an old joke
george.thompson at NYU.EDU
Thu Sep 5 22:59:44 UTC 2002
I recall a story about George Bernard Shaw: an actress said to him that she wanted to have a baby by him. "Just think! It would have my beauty and your brains." Shaw replied: "That would be fine, but what if it has my beauty and your brains."
By no means do I accuse Shaw of having read The Delaware Gazette (Delhi, N. Y.) of October 19, 1825. But the circumstantial evidence is suggestive.
An old gentleman, who was paying his addresses to a young lady, one day said to her, "From our approaching union, my dear, I prognosticate unbounded happiness; your age, and my prudence, will be approved of by all the world." "That may be, sir," replied the lady, "but what will all the world say to your age and my prudence?" (page 4, col. 2)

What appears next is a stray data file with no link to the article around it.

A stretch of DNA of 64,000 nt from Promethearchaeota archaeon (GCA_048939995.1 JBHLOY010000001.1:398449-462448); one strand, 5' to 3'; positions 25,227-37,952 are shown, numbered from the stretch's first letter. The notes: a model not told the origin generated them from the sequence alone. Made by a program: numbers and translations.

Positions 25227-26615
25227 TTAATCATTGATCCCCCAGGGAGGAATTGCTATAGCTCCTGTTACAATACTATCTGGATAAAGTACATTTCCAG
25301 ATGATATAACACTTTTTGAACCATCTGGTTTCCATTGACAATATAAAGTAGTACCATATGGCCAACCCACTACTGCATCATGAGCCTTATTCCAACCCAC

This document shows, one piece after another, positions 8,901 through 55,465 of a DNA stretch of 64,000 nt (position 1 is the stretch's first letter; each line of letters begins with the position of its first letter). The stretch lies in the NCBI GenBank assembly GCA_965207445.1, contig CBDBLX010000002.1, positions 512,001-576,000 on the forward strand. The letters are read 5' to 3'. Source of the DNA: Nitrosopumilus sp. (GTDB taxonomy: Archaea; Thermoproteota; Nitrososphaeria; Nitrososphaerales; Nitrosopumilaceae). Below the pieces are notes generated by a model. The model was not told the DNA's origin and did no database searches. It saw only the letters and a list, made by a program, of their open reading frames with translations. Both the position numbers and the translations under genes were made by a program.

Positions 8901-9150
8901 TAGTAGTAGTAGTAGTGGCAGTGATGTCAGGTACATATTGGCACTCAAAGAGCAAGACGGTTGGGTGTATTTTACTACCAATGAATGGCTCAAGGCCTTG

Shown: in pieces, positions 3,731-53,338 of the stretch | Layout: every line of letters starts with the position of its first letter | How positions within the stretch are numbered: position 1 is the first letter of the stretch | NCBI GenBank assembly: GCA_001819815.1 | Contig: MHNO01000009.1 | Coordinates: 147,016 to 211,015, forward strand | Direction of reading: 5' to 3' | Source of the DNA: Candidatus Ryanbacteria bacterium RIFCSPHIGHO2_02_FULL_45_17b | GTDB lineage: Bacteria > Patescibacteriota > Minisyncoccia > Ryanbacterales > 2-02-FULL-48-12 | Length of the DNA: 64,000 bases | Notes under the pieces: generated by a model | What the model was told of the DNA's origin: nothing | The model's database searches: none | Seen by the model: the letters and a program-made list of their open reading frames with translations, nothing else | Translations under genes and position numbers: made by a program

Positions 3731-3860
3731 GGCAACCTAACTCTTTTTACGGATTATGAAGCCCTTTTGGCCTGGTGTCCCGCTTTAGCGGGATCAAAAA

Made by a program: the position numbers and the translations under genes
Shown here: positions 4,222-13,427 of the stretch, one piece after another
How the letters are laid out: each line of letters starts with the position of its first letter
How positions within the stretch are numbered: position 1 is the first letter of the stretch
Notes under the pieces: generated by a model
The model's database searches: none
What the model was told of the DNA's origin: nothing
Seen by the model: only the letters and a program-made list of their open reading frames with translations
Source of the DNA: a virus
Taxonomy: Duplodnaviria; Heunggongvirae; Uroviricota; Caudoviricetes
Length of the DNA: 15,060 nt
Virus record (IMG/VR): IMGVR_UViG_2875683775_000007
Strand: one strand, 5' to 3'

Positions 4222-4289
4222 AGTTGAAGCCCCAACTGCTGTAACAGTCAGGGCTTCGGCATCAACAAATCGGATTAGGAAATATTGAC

Speaking of plagiarism, not that I was, (even the dead may have lawyers), the following joke was immediately above the preceeding:
Two gentlemen who had attended a charity sermon, were talking of it afterwards in company. "Didn't you like our parson's sermon very much?" said one. "Yes," replied the other, "it was a good sermon, but he stole it." This was told to the preacher, who resented it, and called on the gentleman to retract what he had said. "I am not," replied the aggressor, "very apt to retract my words, but in this instance I will; I said you had stolen the sermon; I perceive I was wrong; for on returning home and referring to the book I tho't it was taken from, I found it there."
Why was I reading a newspaper from Delhi, N. Y? Looking for the baseball news, of course.
George A. Thompson
Author of A Documentary History of "The African Theatre", Northwestern Univ. Pr., 1998.
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